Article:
The Philippine Pavilion moves around Manuel Conde's Genghis Khan, a germinal Philippine film made in 1950 in Manila and Angono; re-edited and annotated by the American writer-critic James Agee.

Screend at the Museum of Modern Art and the Venice Film Festival in 1952. It was co-written and designed by Carlos Francisco. Conde and Francisco are National Artists of the Philippines.

As the Philippine returns to Venice in 2015 after 51 years,so is the film revisited as a trajectory into the very idea of Venice as the place that first recognized the country through the moving image

This travel, specifically the distance and time traversed, indexes an aspiration. It also offers an opportunity to reflect on the condition of the world today

and the potential of a Philippine Pavilion to initiate a conversation on the changing configurations of this world--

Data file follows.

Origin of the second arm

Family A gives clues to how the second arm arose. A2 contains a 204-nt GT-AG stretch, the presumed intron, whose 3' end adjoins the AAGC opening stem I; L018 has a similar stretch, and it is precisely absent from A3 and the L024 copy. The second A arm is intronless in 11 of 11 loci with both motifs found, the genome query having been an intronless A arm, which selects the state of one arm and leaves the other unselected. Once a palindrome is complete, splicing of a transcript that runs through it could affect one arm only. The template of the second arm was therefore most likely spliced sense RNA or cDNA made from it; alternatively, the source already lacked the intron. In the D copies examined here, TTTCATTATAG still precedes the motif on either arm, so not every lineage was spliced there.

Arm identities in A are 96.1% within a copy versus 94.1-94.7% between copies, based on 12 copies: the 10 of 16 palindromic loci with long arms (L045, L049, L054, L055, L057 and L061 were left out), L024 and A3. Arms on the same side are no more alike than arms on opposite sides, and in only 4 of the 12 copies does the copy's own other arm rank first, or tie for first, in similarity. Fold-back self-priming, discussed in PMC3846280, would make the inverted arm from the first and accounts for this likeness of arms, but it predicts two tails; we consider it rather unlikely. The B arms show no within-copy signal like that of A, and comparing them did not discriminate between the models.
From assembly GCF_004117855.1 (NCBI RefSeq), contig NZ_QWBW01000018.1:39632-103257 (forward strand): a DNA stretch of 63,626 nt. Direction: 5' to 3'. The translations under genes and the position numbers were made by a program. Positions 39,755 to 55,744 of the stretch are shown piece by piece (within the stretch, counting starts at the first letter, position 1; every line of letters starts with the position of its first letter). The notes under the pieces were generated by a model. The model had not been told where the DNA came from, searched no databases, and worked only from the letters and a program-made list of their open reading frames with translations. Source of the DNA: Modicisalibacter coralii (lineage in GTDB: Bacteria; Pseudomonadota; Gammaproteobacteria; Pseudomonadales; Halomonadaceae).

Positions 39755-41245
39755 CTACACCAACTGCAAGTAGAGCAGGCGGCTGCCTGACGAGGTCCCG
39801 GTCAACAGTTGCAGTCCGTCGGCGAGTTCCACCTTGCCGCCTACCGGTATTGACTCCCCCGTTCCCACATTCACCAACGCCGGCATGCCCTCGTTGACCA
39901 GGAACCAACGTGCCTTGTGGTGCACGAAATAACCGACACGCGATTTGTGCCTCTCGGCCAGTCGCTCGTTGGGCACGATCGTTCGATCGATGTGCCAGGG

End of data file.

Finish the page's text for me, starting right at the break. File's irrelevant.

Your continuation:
on the volatile meaning of territory, country, nation, border, patrimony, nature, freedom, limit, and the "present passing."

The film is the pivot around which the Pavilion turns, the node at which two contemporary projects are coordinated to finally imagine the condition of the world and the modes of its conquest

as referenced by the epic life of Genghis Khan.

A massive installation by Jose Tence Ruiz.

At a tangent to Genghis Khan, the work of Jose Tence Ruiz, Shoal, references the Sierra Madre. The New York Times describes it as the vessel of Vietnam War vintage

that the "Philippine government ran aground on the reef in 1999 and has since maintained as a kind of post-apocalyptic military garrison,

that the "Philippine government ran aground on the reef in 1999 and has since maintained as a kind of post-apocalyptic military garrison,

the small detachment of Filipino troops stationed there struggling to survive extreme mental and physical desolation." Ruiz evokes the spectral ship, which conjures as well the fabled mountain range,